This study compares dispute resolution strategies of workers in hierarchical, conventional businesses with those of members of worker cooperatives, organizations in which all workers co-own and co-manage the business. Drawing on data from three industries (coal mining, taxicab driving, and food distribution), this study finds support for some predictions in the literature that assert that the cooperative’s flattened structure and egalitarian ideology will affect workers’ grievance resolution. Although the data do not indicate a single pattern in dispute resolution strategies (i.e., with all members of the cooperatives resolving their disputes one way and all non-cooperative employees using different strategies), the data do demonstrate that, when comparing matched cooperative and conventional businesses within each industry, the worker cooperative members possess more dispute resolution strategies than their conventionally employed counterparts.

    Elizabeth A. Hoffmann is an Associate Professor at Purdue University, in its Law & Society Program and the Sociology Department. She holds a J.D. and a Ph.D. from the University of Wisconsin. Researching at the intersection of law and the workplace, Hoffmann has written on a wide range of socio-legal topics, including workplace dispute resolution, sexual harassment and discrimination, deviance at work, and industry and organizational loyalty. She authored Co-operative Workplace Dispute Resolution: Organizational Structure, Ownership, and Ideology, which examines dispute resolution strategies in matched sets of worker co-operatives and conventional businesses across three industries (coal mining, taxicab driving, and food distribution). The book finds that members of co-operatives have a wider range of strategies to draw on to address workplace problems, even though these large worker co-operatives in her study sometimes fell short of ideal co-operative goals. Her work has won awards from the American Bar Foundation/Law & Social Inquiry, the Upjohn Institute for Employment Research, and the Labor and Employment Relations Association. Hoffmann is currently exploring such issues as the tension between rights-talk and medical best-practices in achieving workplace accommodation, historical legal consciousness, and employees' negotiation of the private duties versus public rights at work.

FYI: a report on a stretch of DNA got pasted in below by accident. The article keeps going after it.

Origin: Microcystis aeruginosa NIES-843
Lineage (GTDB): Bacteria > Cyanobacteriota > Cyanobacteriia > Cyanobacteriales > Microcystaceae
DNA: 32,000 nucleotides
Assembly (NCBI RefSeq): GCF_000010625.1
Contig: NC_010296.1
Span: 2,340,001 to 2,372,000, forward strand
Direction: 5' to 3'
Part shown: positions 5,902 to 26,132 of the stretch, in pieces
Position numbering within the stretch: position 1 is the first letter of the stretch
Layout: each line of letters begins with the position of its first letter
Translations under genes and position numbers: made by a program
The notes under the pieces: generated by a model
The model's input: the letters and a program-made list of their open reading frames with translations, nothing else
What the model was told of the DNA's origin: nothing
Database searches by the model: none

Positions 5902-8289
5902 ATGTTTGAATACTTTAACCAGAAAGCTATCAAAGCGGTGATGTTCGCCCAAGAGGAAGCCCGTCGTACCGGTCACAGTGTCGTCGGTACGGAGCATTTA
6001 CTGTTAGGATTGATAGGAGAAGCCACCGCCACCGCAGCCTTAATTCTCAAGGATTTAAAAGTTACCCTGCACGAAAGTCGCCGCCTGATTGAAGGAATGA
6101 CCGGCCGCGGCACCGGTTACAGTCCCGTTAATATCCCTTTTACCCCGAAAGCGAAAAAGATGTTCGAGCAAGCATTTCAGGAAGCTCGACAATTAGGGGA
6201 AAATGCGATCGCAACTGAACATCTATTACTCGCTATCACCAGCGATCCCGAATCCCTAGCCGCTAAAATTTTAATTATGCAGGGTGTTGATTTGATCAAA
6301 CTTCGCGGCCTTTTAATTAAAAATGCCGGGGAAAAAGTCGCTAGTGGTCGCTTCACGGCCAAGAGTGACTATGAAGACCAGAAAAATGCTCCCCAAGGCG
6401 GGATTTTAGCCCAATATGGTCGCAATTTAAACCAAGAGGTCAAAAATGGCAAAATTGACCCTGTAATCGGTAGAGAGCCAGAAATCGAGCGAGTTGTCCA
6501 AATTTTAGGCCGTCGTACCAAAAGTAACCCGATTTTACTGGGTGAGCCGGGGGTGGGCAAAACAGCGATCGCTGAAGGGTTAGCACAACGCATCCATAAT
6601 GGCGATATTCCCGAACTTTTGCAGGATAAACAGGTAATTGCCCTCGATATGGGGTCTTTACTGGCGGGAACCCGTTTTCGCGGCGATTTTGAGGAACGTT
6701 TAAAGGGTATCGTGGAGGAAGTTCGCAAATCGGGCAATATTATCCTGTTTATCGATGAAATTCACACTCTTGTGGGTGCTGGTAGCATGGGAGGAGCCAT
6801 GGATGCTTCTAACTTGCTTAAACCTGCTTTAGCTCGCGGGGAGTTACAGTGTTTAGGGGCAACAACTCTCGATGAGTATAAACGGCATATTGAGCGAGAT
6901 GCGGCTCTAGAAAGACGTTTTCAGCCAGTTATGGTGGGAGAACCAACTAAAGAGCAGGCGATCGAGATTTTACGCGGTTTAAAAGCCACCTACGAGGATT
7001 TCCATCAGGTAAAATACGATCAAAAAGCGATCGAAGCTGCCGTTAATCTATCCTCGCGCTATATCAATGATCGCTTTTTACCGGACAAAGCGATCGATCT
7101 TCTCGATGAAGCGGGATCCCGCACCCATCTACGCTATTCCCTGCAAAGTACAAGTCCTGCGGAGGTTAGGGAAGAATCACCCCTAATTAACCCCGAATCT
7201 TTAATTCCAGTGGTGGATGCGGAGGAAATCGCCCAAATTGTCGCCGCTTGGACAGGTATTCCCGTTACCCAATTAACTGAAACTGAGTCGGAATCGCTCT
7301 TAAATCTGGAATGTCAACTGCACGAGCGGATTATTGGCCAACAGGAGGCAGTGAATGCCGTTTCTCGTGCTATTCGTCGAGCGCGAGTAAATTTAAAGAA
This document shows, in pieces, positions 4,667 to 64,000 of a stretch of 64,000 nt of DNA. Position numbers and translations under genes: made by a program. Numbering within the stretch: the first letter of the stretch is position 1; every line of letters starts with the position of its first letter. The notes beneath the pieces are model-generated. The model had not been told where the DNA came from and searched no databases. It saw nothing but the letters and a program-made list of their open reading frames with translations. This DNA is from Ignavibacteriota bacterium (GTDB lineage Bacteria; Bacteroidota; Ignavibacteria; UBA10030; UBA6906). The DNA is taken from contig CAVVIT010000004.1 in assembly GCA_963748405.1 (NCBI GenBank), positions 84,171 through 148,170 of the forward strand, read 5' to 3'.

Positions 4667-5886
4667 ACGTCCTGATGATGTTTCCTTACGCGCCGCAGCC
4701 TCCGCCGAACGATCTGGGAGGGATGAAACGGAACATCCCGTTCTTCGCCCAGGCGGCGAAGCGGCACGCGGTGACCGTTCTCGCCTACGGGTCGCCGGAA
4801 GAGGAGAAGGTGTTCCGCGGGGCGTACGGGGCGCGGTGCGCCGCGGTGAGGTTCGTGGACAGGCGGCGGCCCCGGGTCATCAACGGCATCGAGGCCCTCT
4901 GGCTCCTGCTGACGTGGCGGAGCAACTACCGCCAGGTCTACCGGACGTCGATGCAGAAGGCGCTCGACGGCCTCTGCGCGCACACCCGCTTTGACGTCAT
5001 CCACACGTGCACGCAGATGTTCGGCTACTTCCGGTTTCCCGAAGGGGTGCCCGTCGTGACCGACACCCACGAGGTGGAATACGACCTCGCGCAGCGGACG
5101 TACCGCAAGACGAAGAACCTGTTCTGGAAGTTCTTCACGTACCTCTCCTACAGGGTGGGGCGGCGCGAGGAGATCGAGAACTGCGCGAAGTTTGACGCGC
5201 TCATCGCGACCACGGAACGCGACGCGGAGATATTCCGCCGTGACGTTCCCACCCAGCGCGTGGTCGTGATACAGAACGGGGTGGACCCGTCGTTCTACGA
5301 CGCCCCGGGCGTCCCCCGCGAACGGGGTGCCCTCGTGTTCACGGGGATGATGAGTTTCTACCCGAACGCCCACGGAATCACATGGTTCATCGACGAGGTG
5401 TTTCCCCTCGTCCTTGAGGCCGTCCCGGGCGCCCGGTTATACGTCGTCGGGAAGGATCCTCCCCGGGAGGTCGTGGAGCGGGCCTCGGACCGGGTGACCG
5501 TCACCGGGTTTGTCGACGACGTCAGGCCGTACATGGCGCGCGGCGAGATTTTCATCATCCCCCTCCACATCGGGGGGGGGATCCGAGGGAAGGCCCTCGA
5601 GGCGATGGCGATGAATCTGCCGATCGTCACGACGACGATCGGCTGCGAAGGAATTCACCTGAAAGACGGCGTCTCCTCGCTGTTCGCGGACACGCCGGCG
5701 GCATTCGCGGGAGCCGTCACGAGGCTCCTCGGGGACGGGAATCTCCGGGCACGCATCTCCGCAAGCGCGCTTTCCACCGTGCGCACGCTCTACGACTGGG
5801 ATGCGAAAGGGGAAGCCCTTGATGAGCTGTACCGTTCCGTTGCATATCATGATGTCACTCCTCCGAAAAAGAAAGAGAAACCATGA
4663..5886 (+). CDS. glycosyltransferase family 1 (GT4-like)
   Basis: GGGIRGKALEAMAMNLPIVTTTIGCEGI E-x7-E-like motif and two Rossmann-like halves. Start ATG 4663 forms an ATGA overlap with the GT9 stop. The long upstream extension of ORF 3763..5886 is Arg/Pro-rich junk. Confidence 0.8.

• Juned Shaikh
    February 25 (Thursday)
    12:00 – 1:30pm College 8, room 301
    Domesticating Marx: The translation and untranslatability of Marxism in interwar Bombay (flyer-PDF)

    Indian Marxists came to terms with the foreignness of Marx by translating and transmitting his messages of capitalist exploitation, egalitarianism, and social transformation to a vibrant public of workers, labor leaders, and intellectuals. In Bombay city, the message was delivered to the public in a language they were most conversant with – Marathi. In the process of translating his visions of universal egalitarianism, Marxists affiliated with the Communist Party of India encountered other hierarchies. The two hierarchies that this paper considers are caste and language. Shaikh explores how such translation altered the theoretical significance of Marx, and can serve as a lesson about how theory 'travels,' and is transformed in the process.

    Juned Shaikh is Assistant Professor of History at UC Santa Cruz. His research lies at the intersection of urban history, labor history and Dalit Studies. Shaikh studies the ways in which marginalized groups negotiated and created urban spaces, navigated institutions of the modern State, produced social movements, and how these groups fashioned an intellectual corpus including a field of literature in 20th century Mumbai. He received his Ph.D. from the University of Washington in 2011 with a dissertation entitled Dignity and Dalit Social Imaginaries: Entanglements of Caste, Class, and Space in Mumbai, 1898-1982. Shaikh received the Best Graduate Student Paper award from the South Asia Council in 2010 for his paper, “Kamyunista Jahirnama [The Communist Manifest]: Mavali, Dalit and the Making of Mumbai’s Working Class.” In 2011 he received the Social Sciences Dean’s Medal from the University of Washington to recognize his exceptional work. In 2014 he published an article for South Asia: Journal of South Asian Studies, that examined the role of images in the formation and understanding of caste in Mumbai during the first quarter of the 20th century. Shaikh is currently working on expanding his dissertation into a book and a second article for Social History, focused on the translation of Marxist texts into the Marathi language, which will be the subject of this talk.